Wednesday, March 17, 2010


I think to most people, the term "aspiration" generally has positive connotations.
It means ambition. The desire to accomplish something great.

But in a hospital, the word "aspiration" brings to chills to everyone's spine.
If someone might have aspiration we do all kinds of stuff to stop it.
We might shove a tube down their trachea and have a machine breathe for them if we think there's a risk of aspiration.
And if a kid comes in with aspiration... it's truly an ordeal!
Cause, in layman's terms, aspiration means you done breathed some vomit or somethin' into yo lungs that don't belong there. Those were layman's terms, North Florida style.

Working at hospitals has destroyed the word "aspiration" for me, and it has coincidentally taken a toll on my aspirations in medicine in ways too convoluted to describe at this moment.

Some days, I feel that if choosing a career was like picking something from a menu at a restaurant, I'd send this dish back and ask for something more tasty. I'd also make sure that my new order would actually be worth the price. Or maybe, I'd just get up and leave and never come back to the restaurant.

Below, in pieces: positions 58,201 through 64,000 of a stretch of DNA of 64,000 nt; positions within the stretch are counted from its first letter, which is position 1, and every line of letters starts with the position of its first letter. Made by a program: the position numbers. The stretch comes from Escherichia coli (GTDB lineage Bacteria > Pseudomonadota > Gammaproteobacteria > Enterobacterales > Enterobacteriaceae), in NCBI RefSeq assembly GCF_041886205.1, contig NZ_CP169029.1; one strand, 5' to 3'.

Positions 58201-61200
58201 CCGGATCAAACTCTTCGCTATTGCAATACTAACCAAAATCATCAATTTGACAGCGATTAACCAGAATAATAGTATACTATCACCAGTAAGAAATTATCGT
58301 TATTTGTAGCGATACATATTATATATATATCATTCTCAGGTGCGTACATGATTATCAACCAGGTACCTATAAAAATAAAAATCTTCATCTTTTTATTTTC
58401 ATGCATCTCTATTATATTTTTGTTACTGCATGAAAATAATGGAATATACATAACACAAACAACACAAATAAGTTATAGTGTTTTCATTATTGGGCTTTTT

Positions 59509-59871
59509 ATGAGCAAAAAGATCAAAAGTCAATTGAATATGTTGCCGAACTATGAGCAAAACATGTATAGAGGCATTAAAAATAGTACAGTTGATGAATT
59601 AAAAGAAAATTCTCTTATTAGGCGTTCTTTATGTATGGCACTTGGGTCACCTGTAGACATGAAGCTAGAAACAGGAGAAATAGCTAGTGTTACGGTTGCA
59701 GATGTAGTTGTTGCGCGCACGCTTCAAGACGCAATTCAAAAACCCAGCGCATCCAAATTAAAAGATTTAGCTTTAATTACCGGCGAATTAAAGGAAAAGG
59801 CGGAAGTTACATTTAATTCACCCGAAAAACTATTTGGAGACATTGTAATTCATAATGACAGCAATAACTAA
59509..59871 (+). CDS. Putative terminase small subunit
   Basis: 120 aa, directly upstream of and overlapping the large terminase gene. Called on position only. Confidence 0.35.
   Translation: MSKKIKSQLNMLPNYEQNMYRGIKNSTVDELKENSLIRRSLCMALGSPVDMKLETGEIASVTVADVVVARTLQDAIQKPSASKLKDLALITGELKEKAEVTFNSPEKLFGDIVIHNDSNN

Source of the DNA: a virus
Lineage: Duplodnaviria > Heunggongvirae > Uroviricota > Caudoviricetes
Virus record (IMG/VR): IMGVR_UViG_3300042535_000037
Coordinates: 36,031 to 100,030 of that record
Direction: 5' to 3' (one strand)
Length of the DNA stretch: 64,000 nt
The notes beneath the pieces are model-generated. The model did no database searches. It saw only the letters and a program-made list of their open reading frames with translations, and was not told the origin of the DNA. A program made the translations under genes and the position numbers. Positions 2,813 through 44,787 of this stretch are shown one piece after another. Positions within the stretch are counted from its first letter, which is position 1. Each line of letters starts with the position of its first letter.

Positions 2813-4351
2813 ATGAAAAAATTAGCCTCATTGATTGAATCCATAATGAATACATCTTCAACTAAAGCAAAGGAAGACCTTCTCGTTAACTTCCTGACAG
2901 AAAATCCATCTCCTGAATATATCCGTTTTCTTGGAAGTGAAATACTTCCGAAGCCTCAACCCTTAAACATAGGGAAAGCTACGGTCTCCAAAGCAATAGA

Damn I'm hungry now.

Tuesday, March 02, 2010

Mmhmm... I'm back.

Parin has inspired me to bloggity blog. Also I'm on Pediatrics, which is far less intense than surgery. Also, it's almost time to choose a specialty, which means all them issues come to the surface...

Like, why medicine? What should I do with my life? Where should I go? Should I follow him to NYC? (I know the answer to that one at least)... Do I really want to spend 80 hours a week at the hospital?

But I don't want to talk about that right now, because none of that is happening right now. And I promised myself to stay present. None of that past-dwelling or future fretting ever really helped me much.